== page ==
Monday, 14 July 2008

Hollywood Babble On & On #127: Paramount Might Get Para-Mounted

A tip of my jaunty stetson to Nikki Finke who reports that Paramount Pictures is facing a bit of a cash crunch, due to a falling out with the Teutonic Transactional Titans of Deutsche Bank and the utter lack of interest of other investors.

This is a pretty embarrassing blow for the venerable studio with the mountain logo, it has been a major Hollywood player since the dawn of the modern industry and it was called Famous Players. Legend says that Hollywood became Hollywood because partners Jess Lasky and Adolph Zukor stepped off the train in Albuquerque, saw that it was pissing rain, and said: "We can't use this town, let's keep going west and see what we find." The fact that Paramount is having this trouble attracting investors is a bad, bad sign of things to come.

Now you're probably wondering why Paramount is having these troubles when they recently bragged so loudly about being the first company to hit a billion dollars in revenue this year?

The answer is simple, and I answered it in another blog.

But for those of you too lazy to click the link, I'll explain again.

The huge profits Paramount has been reporting lately were an...
I just can't resist a Doug Henning reference.

You see Paramount has only produced a handful, if that, of the films it's released in house, and many of them didn't do very well. Paramount's hits were all done with DreamWorks, Marvel, LucasFilm and other producers, either in partnership, or just as a distributor. DreamWorks is on the way out, thanks to a Mumbai Maharajah of the Moneybags, Marvel is only interested in a distributor that functions within clearly delineated tasks, and profit share, and Paramount itself just hasn't got what it takes to make things on their own.

Now I've already talked about ways Paramount can get out of this hole, so I'll talk about the reasons why it's in this hole.

It's not the economy.

Movies thrived during the depression, so that's not a cause, it's an excuse, and a weak one at that.

It's basically their own damn fault.

In fact, it's the entire industry's fault.

Hollywood has built itself on an awful business model I call the "screw everybody" model.

Now investors in a business know that there are certain risks involved. You pays your money and you takes your chances, and if the business fails, then they know that they're not getting their money back with interest.

However, the beauty of Hollywood's system is that an investor can lose their money even when the movie's a blockbuster smash.


Because stars are getting paid too much, and the big names have back-end deals that take a chunk out of gross box-office revenues, many from dollar one from ticket one. (Often way beyond their capacity to draw an audience.)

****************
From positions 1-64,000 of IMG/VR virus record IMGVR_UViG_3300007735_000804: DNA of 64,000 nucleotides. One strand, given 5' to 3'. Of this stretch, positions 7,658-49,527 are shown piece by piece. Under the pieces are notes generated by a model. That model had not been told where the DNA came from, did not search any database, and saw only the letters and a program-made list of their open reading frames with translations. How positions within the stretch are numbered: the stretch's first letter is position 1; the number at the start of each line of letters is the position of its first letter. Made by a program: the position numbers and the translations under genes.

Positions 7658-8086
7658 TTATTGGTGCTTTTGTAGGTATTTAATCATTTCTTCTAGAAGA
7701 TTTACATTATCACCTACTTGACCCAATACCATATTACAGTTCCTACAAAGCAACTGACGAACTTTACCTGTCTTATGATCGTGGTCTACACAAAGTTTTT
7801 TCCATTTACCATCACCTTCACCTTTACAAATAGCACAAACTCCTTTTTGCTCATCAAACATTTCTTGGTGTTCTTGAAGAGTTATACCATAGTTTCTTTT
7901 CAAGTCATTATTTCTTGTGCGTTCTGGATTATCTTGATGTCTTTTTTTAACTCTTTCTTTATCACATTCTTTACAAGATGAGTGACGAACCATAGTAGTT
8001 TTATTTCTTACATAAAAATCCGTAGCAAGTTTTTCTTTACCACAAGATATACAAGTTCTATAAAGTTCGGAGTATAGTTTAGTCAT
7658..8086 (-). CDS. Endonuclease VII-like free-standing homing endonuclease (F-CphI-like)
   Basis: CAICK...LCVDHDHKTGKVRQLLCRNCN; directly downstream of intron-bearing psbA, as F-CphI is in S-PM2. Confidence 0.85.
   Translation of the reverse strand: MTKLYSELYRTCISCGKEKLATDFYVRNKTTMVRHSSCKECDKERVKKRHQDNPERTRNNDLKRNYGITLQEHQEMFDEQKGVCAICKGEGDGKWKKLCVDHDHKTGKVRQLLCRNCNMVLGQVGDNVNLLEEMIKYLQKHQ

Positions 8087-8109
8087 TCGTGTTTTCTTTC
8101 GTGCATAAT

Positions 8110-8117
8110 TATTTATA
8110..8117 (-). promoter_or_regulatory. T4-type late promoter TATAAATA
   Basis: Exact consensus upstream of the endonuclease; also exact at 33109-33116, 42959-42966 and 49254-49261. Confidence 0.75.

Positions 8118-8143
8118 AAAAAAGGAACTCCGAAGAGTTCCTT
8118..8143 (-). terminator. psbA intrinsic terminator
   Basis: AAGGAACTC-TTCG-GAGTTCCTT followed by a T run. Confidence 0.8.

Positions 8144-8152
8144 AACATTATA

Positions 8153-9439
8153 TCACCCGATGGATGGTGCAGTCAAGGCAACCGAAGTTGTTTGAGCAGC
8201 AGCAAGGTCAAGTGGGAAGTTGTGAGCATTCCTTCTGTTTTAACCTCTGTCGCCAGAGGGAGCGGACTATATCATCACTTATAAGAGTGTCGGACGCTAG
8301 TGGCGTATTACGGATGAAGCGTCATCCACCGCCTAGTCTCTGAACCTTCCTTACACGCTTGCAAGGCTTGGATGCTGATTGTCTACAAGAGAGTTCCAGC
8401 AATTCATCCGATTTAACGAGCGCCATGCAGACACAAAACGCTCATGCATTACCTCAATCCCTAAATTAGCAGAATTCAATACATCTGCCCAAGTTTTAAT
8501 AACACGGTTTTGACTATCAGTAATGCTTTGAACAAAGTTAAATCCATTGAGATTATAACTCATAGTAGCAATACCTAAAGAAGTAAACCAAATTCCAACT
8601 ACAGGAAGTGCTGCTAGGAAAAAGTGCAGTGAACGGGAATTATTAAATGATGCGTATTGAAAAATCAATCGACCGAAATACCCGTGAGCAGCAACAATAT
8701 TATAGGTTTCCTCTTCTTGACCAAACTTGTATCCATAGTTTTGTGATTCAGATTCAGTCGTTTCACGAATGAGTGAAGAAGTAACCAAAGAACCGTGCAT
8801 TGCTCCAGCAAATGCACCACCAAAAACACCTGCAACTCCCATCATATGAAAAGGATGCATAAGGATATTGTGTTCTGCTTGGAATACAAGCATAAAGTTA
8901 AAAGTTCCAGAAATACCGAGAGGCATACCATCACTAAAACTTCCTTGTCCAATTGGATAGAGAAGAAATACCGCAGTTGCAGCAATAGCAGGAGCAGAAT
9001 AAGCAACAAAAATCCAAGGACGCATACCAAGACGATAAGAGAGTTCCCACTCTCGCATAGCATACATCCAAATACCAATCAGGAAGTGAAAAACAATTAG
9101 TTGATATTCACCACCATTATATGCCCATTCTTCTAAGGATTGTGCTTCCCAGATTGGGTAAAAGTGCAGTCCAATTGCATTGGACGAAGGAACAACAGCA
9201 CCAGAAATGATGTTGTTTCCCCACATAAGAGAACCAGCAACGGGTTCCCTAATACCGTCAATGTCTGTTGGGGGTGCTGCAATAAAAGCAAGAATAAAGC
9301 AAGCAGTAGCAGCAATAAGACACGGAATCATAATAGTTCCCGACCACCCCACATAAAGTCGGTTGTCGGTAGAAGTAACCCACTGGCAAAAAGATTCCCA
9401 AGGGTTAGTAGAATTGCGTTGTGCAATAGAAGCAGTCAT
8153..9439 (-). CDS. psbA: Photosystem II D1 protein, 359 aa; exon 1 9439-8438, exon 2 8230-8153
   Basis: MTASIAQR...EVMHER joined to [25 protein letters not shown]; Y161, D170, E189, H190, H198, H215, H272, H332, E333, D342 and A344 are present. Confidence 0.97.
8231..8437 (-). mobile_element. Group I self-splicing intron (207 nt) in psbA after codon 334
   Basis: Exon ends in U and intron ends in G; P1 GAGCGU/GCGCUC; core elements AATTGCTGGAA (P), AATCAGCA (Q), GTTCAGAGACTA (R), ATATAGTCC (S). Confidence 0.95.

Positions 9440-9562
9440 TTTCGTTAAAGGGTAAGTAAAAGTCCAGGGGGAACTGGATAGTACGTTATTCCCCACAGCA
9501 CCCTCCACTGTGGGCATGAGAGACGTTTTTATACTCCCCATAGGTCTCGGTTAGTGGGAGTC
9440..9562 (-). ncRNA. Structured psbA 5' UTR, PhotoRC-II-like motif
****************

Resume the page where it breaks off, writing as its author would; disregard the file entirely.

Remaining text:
Shady accounting practises make sure that the net profit is harder to find than the Loch Ness Monster, and it's certainly been seen by fewer people, and if you want to see any gross profits, then you usually have to call a lawyer and be ready to spend hundreds of thousands of dollars to do it.

These bad business practises have given production budgets a rate of inflation unseen since Weimar Germany.

It's what I call the Self-Fulfilling Idiocy of Hollywood. By trying to squeeze out some extra profits, they end up not only losing money, but scaring off investors as well.

So what's going to happen next?

I don't know.

What I do know is that the entire industry is going to need a complete reboot from the ground up, if it's going to survive it's own stupidity.


  1. If a democrat claws into the top office, will we be seeing many.. Many studio heads come crawling in for a bail out with Our American Tax dollar$? Lobbyist from Paramount and their ilk will cover the floors in every state building starting first of course with the Governator! And finally the home town of the weird called d.c. with their 2 miles to the gallon limos and 5 feet per gallon lear jets. You'll see... oh we'll all see...

  2. Well, if the studios do go to the government for money, it will be the end of the American movie industry.

    Canada has state funding and it's pretty much moribund for everyone outside of a handful of Toronto insiders, and you can't get a Canadian to pay money to see a Canadian film.

    I've actually haven't paid money to see a Canadian film in 13 years, and even then it was because the lead character was inspired by a distant relative.

    Check out my "Woe Canada" posts for what I think about government involvement.